Within this configuration, a person’s Jewishness inevitably matters. The “Jewish voice” here legitimizes the stance against anti-Muslim racism as actually directed also against antisemitism—an identification with Muslims passes as long as it is configured as an identification with Jews too (as in, he fights against the discrimination of Muslims because as a Jew he knows what it is like to be discriminated against). The Jew who became Muslim, my friend discussed above, thus could no longer serve as this figure who, through his very Jewishness, endows anti-racist activism with its legitimizing baseline. One could no longer configure his politics as representing the interests of a Jewish collective, or as being motivated by an identification with Muslims “on account of being a persecuted people too.” He forced his surroundings to come to terms with a fact that is as simple as it is apparently shocking—his agitation against anti-Muslim racism was motivated not by an identification with Muslims as a Jew but by an identification with Muslims as a Muslim.

And this scenario seems to hint at a nightmare, or an entire series of entangled nightmares. When the fight for the Muslim other loses its Jewish other, then Muslim existence will have to matter whether or not it affects Jewish existence. And possibly even more problematic, if the Jewish other can “metamorphose” into a Muslim other, then does this metamorphosis remain the singular, exceptional act of an individual? Or, does it hint more generally at a possibility that Jews might not lend themselves to a national agenda, including a “tolerant multicultural liberal” agenda, and do so also as Jews?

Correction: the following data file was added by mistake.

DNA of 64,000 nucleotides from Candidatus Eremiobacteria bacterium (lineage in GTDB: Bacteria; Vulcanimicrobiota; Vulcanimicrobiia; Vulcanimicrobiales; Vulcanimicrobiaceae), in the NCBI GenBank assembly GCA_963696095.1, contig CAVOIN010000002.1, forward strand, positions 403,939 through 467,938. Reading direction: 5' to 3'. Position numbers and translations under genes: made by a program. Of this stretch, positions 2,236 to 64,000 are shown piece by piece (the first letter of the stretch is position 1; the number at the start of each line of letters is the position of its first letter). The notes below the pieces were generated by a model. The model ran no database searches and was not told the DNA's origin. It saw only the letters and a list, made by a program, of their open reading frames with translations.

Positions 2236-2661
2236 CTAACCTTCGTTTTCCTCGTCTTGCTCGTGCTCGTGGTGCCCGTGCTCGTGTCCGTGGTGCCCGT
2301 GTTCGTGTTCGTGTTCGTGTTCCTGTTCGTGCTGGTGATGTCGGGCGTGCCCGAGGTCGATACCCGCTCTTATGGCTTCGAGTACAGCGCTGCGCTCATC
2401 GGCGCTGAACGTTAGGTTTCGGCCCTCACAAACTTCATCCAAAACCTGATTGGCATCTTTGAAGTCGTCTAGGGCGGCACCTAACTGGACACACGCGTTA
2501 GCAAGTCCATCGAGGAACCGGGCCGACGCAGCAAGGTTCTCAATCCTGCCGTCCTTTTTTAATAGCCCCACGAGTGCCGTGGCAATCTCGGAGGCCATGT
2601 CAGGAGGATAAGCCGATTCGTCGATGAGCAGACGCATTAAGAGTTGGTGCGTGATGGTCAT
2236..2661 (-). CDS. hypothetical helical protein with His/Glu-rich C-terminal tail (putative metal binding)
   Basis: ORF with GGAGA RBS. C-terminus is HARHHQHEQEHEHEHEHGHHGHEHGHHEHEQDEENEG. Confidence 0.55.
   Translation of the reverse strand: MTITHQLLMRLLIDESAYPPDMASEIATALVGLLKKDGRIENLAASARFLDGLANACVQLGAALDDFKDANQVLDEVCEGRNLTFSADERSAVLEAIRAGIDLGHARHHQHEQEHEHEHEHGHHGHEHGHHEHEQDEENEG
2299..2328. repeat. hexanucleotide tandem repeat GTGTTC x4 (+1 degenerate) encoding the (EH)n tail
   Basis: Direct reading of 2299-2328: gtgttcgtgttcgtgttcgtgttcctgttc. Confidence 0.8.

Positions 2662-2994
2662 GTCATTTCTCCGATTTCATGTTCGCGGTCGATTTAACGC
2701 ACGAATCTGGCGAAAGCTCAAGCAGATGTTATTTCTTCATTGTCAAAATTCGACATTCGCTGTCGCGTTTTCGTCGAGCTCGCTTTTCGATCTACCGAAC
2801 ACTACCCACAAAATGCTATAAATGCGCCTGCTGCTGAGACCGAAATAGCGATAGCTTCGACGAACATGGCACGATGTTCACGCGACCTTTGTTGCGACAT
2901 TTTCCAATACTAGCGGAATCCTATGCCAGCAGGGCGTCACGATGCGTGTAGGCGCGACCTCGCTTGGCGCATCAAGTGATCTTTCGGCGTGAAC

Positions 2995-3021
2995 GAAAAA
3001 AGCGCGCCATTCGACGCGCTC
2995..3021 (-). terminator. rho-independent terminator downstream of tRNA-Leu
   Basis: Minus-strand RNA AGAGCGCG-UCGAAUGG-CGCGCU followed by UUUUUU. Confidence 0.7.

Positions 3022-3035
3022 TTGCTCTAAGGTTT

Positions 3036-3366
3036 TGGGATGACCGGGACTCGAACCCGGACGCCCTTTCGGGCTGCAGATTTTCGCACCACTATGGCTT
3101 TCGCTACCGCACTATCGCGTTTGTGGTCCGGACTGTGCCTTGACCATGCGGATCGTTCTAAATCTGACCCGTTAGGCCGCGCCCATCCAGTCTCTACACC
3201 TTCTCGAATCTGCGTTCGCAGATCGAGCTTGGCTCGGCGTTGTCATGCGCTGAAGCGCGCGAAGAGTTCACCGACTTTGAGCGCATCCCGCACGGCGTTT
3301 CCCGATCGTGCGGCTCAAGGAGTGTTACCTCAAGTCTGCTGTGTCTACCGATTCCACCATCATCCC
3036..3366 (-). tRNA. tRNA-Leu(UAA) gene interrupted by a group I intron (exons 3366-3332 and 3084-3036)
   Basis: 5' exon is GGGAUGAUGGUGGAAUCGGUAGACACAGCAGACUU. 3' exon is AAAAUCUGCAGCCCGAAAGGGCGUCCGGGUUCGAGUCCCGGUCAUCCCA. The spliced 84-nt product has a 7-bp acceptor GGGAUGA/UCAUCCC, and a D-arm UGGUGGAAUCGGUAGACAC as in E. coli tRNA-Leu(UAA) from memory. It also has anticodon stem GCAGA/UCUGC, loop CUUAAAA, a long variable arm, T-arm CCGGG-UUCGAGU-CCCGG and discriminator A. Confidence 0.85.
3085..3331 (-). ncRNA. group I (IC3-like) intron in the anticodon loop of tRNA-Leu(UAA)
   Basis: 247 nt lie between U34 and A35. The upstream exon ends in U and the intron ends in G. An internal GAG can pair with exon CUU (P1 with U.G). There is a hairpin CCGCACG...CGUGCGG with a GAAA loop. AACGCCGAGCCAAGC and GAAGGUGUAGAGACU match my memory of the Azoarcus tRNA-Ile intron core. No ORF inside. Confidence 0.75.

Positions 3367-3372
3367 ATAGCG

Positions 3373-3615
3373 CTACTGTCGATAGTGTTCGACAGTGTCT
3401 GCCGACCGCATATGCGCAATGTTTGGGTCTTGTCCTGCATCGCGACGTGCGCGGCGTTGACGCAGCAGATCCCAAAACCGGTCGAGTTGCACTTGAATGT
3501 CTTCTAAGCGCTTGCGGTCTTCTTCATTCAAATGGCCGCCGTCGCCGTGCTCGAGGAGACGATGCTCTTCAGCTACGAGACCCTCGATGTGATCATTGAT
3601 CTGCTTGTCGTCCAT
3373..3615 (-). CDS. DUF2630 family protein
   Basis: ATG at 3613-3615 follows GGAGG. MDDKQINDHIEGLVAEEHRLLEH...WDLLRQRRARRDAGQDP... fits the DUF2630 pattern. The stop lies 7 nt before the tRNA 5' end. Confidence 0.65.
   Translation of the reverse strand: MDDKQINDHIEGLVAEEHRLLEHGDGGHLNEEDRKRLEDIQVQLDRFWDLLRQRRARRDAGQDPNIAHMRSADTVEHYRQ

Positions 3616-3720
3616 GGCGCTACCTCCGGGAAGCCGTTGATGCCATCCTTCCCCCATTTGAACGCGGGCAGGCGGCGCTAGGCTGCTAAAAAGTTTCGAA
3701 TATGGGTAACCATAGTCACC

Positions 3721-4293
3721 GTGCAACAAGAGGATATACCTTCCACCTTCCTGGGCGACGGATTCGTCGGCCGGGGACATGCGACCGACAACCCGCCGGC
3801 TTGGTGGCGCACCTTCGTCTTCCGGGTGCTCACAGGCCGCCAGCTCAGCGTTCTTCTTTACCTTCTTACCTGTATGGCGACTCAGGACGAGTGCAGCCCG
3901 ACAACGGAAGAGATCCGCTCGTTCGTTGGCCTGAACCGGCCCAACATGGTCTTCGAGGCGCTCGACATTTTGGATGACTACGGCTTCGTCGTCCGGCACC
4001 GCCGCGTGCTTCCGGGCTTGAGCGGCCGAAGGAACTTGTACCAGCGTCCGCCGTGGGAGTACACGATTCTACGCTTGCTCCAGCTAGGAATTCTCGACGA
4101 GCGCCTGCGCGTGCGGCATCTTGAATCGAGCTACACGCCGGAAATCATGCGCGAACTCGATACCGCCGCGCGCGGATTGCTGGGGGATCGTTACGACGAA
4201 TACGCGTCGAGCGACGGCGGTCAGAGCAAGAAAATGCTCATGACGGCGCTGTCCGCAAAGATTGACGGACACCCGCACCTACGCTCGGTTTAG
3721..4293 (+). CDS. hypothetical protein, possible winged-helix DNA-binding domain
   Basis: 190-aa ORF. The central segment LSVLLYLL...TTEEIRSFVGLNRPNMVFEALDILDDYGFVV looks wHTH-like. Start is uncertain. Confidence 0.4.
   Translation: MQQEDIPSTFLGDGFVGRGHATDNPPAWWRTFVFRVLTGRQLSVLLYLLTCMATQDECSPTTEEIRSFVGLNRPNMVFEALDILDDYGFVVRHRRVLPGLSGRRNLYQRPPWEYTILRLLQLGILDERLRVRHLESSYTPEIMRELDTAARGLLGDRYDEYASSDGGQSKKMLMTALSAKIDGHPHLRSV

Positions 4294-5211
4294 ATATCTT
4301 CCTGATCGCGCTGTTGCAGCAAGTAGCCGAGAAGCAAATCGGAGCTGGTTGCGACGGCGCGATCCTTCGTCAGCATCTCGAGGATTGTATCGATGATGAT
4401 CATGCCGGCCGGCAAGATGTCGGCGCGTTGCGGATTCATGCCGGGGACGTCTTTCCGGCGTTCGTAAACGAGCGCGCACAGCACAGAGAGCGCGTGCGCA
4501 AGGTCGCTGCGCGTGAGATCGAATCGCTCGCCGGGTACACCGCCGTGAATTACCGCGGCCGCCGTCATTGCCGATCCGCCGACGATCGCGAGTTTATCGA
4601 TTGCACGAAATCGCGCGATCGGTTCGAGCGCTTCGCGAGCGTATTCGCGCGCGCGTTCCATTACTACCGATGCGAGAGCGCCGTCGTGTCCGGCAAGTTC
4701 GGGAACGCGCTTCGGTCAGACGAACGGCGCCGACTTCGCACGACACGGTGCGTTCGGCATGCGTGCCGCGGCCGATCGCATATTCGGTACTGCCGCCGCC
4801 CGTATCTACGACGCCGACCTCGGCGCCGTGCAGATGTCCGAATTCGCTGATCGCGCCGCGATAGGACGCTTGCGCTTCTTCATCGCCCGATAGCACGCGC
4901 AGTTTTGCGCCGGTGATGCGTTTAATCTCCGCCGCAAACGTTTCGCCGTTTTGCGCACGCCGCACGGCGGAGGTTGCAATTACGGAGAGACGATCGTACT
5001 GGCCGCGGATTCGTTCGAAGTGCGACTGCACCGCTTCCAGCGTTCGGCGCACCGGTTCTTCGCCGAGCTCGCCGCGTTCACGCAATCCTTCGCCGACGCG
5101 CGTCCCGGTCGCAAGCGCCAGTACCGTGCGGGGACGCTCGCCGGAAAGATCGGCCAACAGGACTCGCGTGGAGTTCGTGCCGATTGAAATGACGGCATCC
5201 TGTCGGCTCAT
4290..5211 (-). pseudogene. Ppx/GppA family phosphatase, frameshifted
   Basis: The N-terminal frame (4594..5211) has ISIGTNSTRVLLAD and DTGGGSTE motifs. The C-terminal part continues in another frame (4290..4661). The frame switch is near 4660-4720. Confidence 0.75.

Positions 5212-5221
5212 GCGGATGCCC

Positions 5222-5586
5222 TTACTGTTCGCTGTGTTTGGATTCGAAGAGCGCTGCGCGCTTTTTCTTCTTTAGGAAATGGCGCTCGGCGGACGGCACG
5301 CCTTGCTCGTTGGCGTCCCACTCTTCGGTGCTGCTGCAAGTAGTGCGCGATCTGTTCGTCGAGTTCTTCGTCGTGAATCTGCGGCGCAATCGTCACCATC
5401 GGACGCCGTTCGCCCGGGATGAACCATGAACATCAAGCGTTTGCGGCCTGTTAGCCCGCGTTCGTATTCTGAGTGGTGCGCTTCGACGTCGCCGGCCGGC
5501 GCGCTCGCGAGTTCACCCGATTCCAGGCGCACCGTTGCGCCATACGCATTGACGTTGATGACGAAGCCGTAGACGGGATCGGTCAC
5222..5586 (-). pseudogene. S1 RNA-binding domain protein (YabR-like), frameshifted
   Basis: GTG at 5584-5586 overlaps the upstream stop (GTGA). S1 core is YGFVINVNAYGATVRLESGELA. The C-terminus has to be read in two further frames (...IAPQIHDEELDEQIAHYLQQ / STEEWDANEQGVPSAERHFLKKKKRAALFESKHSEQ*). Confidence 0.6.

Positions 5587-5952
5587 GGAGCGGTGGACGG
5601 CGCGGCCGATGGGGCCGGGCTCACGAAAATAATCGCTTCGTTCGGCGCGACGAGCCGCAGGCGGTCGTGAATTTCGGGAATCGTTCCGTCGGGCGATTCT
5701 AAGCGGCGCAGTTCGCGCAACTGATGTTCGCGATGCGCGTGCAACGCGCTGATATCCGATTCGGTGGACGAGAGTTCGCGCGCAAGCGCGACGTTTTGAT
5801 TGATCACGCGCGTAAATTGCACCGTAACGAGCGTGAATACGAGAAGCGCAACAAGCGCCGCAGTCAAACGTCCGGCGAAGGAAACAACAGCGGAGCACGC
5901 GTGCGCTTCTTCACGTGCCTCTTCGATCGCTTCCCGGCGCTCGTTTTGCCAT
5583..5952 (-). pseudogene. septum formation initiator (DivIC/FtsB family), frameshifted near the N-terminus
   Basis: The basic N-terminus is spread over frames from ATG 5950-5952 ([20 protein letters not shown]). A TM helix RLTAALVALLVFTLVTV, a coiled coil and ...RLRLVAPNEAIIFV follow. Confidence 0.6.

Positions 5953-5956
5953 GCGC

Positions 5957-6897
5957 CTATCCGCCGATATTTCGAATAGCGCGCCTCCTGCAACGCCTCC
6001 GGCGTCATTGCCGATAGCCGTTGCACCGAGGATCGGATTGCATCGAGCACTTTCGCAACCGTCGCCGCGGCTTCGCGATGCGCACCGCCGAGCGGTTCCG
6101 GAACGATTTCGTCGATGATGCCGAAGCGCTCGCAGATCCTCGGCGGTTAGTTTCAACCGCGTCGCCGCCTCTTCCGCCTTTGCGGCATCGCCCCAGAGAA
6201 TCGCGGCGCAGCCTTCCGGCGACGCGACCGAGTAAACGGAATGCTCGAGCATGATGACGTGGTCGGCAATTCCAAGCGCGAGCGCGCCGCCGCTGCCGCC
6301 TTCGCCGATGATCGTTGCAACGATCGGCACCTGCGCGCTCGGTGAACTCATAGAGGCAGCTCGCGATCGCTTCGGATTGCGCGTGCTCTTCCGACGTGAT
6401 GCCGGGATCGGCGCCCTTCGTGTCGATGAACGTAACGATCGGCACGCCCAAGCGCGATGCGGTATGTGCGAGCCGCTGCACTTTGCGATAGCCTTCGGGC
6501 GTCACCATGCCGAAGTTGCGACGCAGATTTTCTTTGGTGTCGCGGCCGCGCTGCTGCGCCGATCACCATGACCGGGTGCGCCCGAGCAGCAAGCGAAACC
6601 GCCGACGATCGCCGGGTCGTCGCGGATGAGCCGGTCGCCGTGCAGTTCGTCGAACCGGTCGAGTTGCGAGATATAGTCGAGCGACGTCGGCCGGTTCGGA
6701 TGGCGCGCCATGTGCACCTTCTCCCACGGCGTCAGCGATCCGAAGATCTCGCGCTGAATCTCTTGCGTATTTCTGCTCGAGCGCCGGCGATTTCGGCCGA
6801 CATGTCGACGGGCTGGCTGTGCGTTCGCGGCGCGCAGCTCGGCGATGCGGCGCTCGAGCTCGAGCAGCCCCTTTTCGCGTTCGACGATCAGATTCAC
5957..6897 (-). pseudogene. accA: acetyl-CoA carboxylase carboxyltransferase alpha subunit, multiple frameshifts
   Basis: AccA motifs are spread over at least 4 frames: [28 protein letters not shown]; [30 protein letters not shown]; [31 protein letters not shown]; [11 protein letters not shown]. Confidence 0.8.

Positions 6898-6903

Converting to Judaism

“You know,” she said hesitatingly, “there is something I’d like to ask. When I converted to Judaism, basically everything remained the same. I mean, my parents, Christmas, friends, all that…but you…”

“Hmmm,” I answered, and privately wondered (or maybe envied), how can a conversion be possibly perceived as less than a major rupture? How can conversion hardly play out in one’s actual life, something hardly even felt? I think that what this conversation indicates is that conversions into Judaism and Islam can be, as far as their political signification is concerned, diametrically opposite moves. A conversion into Judaism today can be a simple and easy move into the hegemonic center, whereas a conversion out of Judaism (and so the more a conversion out of Judaism and into Islam) can be a move out of the hegemonic center. It was, after all, Ivanka who converted to Judaism, and not Jared who became Christian. Moving into Judaism can be, in eyes of the mainstream, a theologically, aesthetically, and politically plausible move.2